A few fun facts about China

4 min read

If there would be a competition for the most boring and predictable press moment, the one during the visit of President Xi to Paris would be a contender for the top position.

Probably nobody expected grandiose declarations or the announcement of billion dollars’ worth of investments, but even after the visit is over, not much is known about what the three leaders (Xi, Macron and von der Leyen) talked about.

Very likely because of the precarious situation Europe’s leading economies found themselves in the last couple of years. In cases like this, less publicity might be more desirable.

Just a few months ago, the EU’s Executive Vice President, Valdis Dombrovskis, stressed the importance of not severing ties with China while also advocating for protective measures against unfair practices. Ursula von der Leyen echoed similar sentiments recently, albeit with different phrasing. Messages not completely in line with Washington’s expectations.

Though not admitted openly to the public, but for the well-informed politicians of Europe, it must have become evident by now that Europe lags behind China in many aspects.

The Old Continent is unable to compete with Chinese speed.

This, on the other hand necessitates a few tough decisions to buy time for the EU without completely disengaging from China, a crucial market. Especially not so right after the EU’s separation from Russia. While in the coming months and years, Europe plans to erect trade and investment barriers to counter China, for the time being policymakers are (hopefully) aiming to strike a balance between competing objectives to reach a mutually acceptable outcome.

The problem has been the same for quite a while: Europe hasn’t been able to develop a comprehensive strategy to compete with the Chinese economy (or at least copy the US Inflation Reduction Act).

It is true that EU-China relations have taken a plunge “thanks to” Beijing’s support to Russia in the Ukraine conflict. But the process has been an ongoing one as Europe has been trying to reduce its dependency on China (at the pressure from Washington, to a great extent).

A not really successful effort.

Ironically, in spite of the tough rhetoric, the sad reality is that the EU’s dependency on China has exponentially grown in the last years. And not just for “rare earth materials” or “as an export market” or “the most important industrial partner in green transition”.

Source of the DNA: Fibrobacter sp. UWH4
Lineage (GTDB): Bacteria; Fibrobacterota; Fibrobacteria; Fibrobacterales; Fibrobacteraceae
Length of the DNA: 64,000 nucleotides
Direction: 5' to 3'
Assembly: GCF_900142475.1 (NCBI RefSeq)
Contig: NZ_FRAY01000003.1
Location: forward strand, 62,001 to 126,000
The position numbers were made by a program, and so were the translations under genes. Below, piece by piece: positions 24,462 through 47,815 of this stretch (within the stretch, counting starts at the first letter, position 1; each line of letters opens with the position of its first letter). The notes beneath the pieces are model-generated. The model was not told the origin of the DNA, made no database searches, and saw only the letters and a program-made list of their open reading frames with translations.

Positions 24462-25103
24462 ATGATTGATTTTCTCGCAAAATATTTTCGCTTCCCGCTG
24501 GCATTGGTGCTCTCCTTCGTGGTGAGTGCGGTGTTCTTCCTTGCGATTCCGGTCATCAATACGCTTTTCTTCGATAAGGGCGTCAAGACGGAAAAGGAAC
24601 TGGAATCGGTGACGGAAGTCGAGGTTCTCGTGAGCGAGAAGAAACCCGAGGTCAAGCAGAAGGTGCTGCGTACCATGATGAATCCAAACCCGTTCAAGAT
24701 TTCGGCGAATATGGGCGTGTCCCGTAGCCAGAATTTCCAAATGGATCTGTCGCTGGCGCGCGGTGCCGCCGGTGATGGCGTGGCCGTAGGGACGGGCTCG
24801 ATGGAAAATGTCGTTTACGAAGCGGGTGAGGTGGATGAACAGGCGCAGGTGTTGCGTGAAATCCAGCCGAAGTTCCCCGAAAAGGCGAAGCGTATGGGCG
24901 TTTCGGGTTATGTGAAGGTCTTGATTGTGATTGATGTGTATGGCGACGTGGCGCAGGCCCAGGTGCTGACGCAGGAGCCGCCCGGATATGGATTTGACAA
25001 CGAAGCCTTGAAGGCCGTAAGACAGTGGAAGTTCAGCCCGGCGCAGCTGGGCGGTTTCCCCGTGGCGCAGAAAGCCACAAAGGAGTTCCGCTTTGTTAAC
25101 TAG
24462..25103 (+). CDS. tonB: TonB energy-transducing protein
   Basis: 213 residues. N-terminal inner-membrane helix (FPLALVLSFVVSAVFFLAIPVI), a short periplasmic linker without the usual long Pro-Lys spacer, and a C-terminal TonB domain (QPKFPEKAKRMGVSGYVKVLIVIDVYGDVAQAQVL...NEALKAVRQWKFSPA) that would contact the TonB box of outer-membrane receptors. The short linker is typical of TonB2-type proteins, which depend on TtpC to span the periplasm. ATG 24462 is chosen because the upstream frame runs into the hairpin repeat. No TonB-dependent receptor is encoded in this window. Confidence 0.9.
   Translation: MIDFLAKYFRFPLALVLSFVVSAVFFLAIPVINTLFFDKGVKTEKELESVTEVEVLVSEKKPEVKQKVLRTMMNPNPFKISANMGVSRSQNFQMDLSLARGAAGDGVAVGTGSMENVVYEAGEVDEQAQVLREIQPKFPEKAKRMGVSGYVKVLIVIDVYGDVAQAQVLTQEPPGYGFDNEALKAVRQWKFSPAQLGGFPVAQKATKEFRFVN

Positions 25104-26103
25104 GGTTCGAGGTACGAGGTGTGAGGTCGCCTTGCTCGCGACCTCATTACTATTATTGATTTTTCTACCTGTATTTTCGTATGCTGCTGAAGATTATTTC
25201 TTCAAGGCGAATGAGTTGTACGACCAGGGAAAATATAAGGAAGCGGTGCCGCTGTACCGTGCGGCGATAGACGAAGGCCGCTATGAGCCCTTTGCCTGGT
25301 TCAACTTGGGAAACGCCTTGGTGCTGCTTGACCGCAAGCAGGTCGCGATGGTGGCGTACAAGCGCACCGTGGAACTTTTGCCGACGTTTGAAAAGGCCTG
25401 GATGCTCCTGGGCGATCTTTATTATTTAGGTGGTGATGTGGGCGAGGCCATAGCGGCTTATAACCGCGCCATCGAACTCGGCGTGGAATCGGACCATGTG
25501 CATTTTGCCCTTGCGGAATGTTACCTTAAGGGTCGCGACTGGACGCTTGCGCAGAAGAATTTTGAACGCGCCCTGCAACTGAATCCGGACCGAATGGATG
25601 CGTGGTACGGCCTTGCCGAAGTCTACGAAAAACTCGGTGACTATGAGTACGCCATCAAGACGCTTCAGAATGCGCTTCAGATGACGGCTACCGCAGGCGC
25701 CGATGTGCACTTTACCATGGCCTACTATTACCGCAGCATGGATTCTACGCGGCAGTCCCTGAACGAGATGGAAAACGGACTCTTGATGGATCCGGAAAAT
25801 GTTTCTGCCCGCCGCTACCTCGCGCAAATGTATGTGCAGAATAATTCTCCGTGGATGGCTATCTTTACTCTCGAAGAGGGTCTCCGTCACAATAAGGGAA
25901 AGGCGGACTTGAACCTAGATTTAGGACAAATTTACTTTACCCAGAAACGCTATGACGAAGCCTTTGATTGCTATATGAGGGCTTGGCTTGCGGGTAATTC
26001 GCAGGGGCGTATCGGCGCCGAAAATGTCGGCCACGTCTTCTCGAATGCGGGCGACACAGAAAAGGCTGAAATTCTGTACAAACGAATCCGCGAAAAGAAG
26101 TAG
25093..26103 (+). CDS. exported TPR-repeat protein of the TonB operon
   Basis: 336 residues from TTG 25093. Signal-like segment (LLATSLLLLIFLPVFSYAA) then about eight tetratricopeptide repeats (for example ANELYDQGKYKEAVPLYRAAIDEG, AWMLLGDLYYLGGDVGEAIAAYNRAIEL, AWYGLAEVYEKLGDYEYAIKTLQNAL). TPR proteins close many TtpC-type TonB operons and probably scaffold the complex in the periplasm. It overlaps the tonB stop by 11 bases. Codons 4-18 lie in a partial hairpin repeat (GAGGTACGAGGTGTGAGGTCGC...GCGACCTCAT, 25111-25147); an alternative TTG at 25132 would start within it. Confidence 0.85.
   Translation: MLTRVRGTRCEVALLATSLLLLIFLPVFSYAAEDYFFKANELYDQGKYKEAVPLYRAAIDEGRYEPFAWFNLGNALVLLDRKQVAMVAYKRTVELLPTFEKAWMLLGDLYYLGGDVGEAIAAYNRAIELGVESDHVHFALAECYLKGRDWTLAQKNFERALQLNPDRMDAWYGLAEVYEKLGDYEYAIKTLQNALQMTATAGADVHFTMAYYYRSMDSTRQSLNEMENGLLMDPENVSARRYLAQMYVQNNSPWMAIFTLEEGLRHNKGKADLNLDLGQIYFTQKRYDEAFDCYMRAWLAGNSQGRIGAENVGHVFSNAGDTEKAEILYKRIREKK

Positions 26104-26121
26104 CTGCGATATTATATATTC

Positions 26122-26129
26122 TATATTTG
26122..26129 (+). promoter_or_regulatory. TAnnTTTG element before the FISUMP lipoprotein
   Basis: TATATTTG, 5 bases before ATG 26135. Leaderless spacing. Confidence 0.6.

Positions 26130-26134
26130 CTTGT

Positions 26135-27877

The “average European” may not be aware of the fact that China’s economy and research and development prowess have undergone a significant transformation over the past twenty or fifteen years. Europeans have long been accustomed to associating Chinese industry with cheap and low-quality goods. People are often overlooking the broader scope of China’s industrial output.

Beyond the “copycat era”, a new phase of Chinese research and development is emerging, characterized by substantial yet still cost-effective production capabilities, abundant human and mineral resources, and comparatively fewer environmental regulations. These are mainly just dreams of any European industry.

To illustrate how China’s evolving capabilities have driven changes, we can refer to the statistics provided by the IMF.

In 2000 the Chinese GDP based on PPP was only 7.2 percent of the global output and the EU had 20.2 percent. In 2023, China had 18.73 and the EU 14.45 percent, respectively.

The picture is slightly distorted, of course: based on the total GDP (and not on purchasing power parity), the US economy is still stronger than the Chinese.

Unfortunately, the outlook for the EU is drearier. The EU’s GDP is still higher (with a hair’s breadth), but the trend is clear, that China and the US are growing, while the EU is struggling.

The contrast is even more obvious if we look at two key sectors of Europe’s much hoped for Green Transition: solar panels and electric vehicles.

European solar panel producers follow the debate with some desperation: around 95 percent of the existing European solar capacity is based on Chinese solar panels. While Brussels still only scrambles to establish itself as a global player in clean technologies, Beijing and Washington poured hundreds of billions of state subsidies into their green industries. In comparison, European manufacturers started layoffs this year or have asked for EU support to avoid closing factories. Some are relocating to the US, like solar panel producer Meyer Burger that is packing up a German factory to send production to the United States.